The value of a semaphore is the number of units of the resource which are free. (If there is only one resource, a "binary semaphore" with values 0 or 1 is used.) The P operation busy-waits (uses its turn to do nothing) or maybe sleeps (tells the system not to give it a turn) until a resource is available, whereupon it immediately claims one. The V operation is the inverse; it simply makes a resource available again after the process has finished using it. The P and V operations must be atomic.
In software engineering practice, they are often called wait and signal, or acquire and release.
Binary semaphore vs. Mutex
A mutex is a binary semaphore (a semaphore with capacity of 1), usually including extra features like ownership, priority inversion protection or recursivity. The differences between mutexes and semaphores are operating system dependent, though mutexes are implemented by specialized and faster routines. Mutexes are meant to be used for mutual exclusion (post/release operation is restricted to thread which called pend/acquire) only and binary semaphores are meant to be used for event notification (post-ability from any thread) and mutual exclusion.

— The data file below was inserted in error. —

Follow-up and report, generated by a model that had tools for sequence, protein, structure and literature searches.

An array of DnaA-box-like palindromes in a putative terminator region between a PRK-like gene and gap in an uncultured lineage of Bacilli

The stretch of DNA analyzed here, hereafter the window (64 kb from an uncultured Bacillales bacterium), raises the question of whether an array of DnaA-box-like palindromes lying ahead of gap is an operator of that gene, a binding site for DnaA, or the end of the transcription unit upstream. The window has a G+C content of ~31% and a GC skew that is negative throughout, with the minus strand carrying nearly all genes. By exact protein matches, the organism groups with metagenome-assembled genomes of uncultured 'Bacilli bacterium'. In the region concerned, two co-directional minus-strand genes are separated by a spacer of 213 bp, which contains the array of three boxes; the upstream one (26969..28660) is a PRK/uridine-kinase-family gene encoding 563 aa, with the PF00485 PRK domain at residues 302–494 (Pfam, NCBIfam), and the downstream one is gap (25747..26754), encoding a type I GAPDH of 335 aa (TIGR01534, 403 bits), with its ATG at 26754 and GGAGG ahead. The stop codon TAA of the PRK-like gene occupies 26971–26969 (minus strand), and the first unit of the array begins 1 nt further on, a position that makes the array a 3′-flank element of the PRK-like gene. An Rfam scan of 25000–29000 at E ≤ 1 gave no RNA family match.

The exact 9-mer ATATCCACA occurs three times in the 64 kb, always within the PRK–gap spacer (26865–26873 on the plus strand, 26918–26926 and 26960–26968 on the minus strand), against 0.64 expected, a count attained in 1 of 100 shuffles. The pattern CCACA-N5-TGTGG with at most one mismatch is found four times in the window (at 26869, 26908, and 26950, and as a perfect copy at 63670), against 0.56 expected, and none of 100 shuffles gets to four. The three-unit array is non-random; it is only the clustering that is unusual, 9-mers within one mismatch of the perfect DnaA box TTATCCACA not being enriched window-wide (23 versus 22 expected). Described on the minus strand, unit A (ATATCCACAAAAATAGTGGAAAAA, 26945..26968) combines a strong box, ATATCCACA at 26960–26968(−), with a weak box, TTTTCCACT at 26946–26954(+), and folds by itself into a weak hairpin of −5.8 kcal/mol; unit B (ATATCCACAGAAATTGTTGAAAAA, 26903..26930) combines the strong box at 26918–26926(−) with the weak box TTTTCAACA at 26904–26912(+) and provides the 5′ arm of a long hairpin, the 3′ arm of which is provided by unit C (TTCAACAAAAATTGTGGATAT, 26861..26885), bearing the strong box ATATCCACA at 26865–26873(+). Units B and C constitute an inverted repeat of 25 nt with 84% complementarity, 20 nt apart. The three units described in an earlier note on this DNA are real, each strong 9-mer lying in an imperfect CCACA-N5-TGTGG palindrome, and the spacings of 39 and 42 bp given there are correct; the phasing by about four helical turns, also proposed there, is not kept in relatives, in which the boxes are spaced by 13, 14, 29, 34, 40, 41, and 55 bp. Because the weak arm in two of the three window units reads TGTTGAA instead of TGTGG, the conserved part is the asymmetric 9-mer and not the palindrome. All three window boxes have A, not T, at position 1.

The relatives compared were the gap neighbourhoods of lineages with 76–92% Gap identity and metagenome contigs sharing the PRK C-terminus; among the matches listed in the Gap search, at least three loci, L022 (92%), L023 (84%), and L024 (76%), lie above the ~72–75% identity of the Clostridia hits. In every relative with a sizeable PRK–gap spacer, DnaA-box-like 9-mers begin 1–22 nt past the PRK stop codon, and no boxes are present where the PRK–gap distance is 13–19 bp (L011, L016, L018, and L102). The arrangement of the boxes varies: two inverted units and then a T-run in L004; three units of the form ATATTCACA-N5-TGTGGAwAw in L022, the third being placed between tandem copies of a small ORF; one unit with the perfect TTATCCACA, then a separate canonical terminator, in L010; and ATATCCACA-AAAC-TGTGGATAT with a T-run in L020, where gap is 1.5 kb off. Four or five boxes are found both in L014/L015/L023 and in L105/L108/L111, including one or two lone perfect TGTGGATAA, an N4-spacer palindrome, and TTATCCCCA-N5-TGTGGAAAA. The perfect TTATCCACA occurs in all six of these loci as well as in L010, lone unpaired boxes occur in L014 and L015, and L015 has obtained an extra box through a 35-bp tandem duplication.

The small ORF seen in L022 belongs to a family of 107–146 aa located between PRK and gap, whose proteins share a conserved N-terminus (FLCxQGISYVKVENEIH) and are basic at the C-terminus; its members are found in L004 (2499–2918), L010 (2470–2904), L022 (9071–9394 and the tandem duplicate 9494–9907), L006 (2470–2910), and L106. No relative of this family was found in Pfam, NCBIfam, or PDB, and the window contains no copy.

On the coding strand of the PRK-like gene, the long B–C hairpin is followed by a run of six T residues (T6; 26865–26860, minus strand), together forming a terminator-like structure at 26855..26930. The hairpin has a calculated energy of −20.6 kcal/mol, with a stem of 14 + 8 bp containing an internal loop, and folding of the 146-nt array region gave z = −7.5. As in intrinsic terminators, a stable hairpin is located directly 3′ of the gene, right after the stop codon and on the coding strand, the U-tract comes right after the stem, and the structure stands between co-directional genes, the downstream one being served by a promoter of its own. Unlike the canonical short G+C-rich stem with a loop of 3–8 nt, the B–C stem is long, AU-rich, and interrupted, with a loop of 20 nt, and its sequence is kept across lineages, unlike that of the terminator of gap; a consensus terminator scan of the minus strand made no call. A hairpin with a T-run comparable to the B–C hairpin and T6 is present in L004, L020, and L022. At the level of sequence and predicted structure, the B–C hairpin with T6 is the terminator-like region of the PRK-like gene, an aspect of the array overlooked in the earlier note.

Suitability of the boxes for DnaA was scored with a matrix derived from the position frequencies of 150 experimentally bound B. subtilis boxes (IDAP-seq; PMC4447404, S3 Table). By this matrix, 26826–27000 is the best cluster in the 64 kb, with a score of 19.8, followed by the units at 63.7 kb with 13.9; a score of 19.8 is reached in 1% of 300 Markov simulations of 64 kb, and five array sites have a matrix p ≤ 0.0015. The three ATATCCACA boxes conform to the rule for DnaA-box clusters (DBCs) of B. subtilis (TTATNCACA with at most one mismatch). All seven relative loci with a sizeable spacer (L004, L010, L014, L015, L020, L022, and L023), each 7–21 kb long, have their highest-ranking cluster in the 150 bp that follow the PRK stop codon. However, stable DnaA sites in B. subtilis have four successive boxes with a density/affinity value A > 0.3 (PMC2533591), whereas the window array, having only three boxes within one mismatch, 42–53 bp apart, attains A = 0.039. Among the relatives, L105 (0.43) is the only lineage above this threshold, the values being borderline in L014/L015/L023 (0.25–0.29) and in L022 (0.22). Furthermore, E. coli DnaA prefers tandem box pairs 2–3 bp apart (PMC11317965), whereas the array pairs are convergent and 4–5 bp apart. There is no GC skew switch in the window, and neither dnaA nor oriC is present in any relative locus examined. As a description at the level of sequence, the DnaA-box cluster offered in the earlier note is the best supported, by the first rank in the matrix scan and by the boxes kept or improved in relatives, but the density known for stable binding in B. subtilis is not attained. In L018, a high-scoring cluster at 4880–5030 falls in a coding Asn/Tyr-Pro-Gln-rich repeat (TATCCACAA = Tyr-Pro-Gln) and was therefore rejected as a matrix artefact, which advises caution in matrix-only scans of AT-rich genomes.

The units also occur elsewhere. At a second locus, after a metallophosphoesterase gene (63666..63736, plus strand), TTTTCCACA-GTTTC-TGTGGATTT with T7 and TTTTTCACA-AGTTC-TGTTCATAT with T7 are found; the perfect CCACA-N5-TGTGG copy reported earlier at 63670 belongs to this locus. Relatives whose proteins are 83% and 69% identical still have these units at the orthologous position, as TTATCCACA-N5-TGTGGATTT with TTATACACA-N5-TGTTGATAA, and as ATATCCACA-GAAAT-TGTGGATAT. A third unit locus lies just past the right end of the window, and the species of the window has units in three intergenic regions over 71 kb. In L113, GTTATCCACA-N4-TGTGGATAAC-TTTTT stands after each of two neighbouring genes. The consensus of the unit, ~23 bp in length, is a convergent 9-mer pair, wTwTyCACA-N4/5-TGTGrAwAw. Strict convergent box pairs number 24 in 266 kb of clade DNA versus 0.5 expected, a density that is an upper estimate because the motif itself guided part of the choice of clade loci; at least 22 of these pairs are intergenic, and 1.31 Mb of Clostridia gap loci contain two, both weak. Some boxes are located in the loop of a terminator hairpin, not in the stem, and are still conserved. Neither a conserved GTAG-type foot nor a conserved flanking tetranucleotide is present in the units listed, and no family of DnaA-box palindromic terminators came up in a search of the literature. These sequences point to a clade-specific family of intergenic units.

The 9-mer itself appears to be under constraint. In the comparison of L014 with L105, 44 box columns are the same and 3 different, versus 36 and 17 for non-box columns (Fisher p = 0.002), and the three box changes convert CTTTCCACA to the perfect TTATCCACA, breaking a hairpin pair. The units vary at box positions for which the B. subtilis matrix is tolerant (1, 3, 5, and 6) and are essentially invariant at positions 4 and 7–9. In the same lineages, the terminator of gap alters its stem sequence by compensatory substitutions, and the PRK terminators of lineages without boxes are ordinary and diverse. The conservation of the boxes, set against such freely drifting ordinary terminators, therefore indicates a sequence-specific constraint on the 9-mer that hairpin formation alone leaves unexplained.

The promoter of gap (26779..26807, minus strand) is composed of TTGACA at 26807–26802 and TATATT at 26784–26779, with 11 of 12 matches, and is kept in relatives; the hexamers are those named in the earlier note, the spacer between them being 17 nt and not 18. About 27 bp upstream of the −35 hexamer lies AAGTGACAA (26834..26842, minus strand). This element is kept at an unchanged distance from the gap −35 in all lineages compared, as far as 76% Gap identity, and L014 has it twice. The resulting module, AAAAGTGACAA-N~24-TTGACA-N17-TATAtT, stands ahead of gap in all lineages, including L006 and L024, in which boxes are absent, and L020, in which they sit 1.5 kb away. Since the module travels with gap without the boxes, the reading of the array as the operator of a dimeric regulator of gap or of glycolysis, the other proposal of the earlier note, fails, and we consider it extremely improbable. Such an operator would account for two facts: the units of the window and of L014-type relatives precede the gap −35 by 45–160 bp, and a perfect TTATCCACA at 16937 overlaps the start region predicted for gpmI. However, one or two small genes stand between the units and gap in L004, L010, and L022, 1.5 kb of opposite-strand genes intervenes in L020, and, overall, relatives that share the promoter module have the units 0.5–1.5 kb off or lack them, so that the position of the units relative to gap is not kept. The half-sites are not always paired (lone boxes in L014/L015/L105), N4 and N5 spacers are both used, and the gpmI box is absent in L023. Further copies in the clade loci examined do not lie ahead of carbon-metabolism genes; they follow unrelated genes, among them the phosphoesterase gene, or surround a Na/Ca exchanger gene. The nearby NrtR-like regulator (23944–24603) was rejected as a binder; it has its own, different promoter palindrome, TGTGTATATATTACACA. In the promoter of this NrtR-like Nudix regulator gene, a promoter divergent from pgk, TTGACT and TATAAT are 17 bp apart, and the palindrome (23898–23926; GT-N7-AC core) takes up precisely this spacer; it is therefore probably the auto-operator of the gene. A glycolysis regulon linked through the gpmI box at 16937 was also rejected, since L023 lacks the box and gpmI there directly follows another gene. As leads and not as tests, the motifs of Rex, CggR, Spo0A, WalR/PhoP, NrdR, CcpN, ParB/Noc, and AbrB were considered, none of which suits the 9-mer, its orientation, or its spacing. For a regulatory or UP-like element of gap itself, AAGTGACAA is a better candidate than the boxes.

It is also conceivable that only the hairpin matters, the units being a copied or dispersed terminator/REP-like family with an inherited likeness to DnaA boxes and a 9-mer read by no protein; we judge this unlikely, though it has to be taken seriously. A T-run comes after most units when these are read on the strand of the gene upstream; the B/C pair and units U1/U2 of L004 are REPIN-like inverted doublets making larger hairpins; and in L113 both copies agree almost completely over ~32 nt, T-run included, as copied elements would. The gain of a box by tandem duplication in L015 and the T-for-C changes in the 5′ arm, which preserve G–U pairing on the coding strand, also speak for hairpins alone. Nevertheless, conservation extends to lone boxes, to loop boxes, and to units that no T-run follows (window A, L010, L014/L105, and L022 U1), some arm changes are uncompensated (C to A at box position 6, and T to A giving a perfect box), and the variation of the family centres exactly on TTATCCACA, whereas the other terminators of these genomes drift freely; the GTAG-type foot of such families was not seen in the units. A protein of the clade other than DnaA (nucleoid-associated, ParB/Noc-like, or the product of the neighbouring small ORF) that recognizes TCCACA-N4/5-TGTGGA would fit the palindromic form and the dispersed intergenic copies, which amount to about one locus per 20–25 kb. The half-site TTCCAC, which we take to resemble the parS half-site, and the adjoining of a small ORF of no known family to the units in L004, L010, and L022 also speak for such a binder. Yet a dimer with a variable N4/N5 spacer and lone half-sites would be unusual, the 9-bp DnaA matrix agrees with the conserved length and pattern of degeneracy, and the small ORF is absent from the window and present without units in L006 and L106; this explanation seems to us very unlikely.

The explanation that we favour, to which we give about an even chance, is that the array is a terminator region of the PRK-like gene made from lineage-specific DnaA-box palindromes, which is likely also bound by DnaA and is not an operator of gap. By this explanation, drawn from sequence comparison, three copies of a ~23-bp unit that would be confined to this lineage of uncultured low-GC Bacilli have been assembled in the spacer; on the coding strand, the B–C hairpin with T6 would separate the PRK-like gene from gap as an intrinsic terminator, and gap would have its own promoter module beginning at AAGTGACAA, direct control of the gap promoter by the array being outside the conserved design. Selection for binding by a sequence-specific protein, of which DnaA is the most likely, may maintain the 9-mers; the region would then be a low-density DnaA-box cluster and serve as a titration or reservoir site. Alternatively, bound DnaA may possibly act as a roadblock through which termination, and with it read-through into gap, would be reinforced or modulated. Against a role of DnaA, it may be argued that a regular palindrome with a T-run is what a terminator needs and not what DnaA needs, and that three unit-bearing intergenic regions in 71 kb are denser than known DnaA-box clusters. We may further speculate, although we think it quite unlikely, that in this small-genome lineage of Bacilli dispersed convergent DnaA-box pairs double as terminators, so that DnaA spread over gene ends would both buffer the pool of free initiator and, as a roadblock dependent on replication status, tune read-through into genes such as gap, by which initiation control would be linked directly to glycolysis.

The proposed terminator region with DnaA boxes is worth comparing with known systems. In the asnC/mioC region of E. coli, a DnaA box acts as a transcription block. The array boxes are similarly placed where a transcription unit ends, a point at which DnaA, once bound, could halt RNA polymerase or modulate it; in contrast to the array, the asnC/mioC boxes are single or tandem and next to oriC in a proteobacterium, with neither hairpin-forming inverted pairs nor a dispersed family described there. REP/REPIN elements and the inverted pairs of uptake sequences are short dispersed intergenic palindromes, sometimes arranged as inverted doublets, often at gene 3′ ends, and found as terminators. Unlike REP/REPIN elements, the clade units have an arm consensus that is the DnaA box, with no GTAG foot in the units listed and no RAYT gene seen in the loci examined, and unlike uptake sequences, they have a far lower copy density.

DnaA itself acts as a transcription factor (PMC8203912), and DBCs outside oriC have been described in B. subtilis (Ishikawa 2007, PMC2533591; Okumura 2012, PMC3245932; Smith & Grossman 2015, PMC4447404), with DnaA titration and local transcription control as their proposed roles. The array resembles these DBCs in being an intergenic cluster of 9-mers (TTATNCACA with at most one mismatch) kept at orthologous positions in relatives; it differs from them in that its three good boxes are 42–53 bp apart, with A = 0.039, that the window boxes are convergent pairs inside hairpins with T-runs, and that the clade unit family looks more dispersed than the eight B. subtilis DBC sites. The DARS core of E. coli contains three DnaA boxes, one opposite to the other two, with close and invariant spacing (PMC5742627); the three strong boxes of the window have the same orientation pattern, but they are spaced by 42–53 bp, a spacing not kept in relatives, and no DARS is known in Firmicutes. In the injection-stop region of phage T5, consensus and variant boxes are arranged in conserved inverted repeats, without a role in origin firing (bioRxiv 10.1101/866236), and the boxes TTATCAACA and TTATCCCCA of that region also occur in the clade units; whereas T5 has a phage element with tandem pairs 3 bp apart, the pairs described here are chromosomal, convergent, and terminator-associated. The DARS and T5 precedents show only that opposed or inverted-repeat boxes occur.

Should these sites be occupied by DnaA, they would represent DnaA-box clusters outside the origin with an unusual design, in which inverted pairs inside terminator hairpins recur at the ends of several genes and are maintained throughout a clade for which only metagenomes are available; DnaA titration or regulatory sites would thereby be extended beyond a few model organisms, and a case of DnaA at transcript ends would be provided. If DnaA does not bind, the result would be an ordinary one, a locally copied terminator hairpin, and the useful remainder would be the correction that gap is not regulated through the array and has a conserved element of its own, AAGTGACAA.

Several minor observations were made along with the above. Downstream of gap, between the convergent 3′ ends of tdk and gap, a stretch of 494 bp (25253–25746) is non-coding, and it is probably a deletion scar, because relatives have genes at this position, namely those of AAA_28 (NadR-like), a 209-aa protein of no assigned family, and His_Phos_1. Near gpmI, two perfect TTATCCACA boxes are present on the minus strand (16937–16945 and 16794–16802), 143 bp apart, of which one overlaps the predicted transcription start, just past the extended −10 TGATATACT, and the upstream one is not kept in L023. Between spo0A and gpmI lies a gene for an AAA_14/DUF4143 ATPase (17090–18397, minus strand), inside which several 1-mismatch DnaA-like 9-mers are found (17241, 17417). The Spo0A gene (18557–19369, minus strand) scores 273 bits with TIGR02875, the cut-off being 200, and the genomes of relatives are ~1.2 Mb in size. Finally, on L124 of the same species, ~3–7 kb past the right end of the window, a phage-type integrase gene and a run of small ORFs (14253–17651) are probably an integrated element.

Monitor (synchronization)
Monitor is an object intended to be used safely by more than one thread. The defining characteristic of a monitor is that its methods are executed with mutual exclusion. That is, at each point in time, at most one thread may be executing any of its methods.
Monitors also provide a mechanism for threads to temporarily give up exclusive access, in order to wait for some condition to be met, before regaining exclusive access and resuming their task. Monitors also have a mechanism for signaling other threads that such conditions have been met.
Inter-process communication
Inter-process communication (IPC) is a set of techniques for the exchange of data among multiple threads in one or more processes. Processes may be running on one or more computers connected by a network. IPC techniques are divided into methods for message passing, synchronization, shared memory, and remote procedure calls (RPC).
Main IPC Methods
File, Signal, Socket, Message queue, Pipe, Named pipe, Semaphore, Shared memory, Message passing, memory-mapped file.
Anonymous pipe
An anonymous pipe is a simplex FIFO communication channel that may be used for one-way interprocess communication.
Typically a parent program opens anonymous pipes, and creates a new process that inherits the other ends of the pipes, or creates several new processes and arranges them in a pipeline.
Two anonymous pipes are required for full-duplex (two-way) communication.
In a Unix shell a pipeline is created using the "|" character and many Unix programs are designed as filters to work with pipes.
Named pipe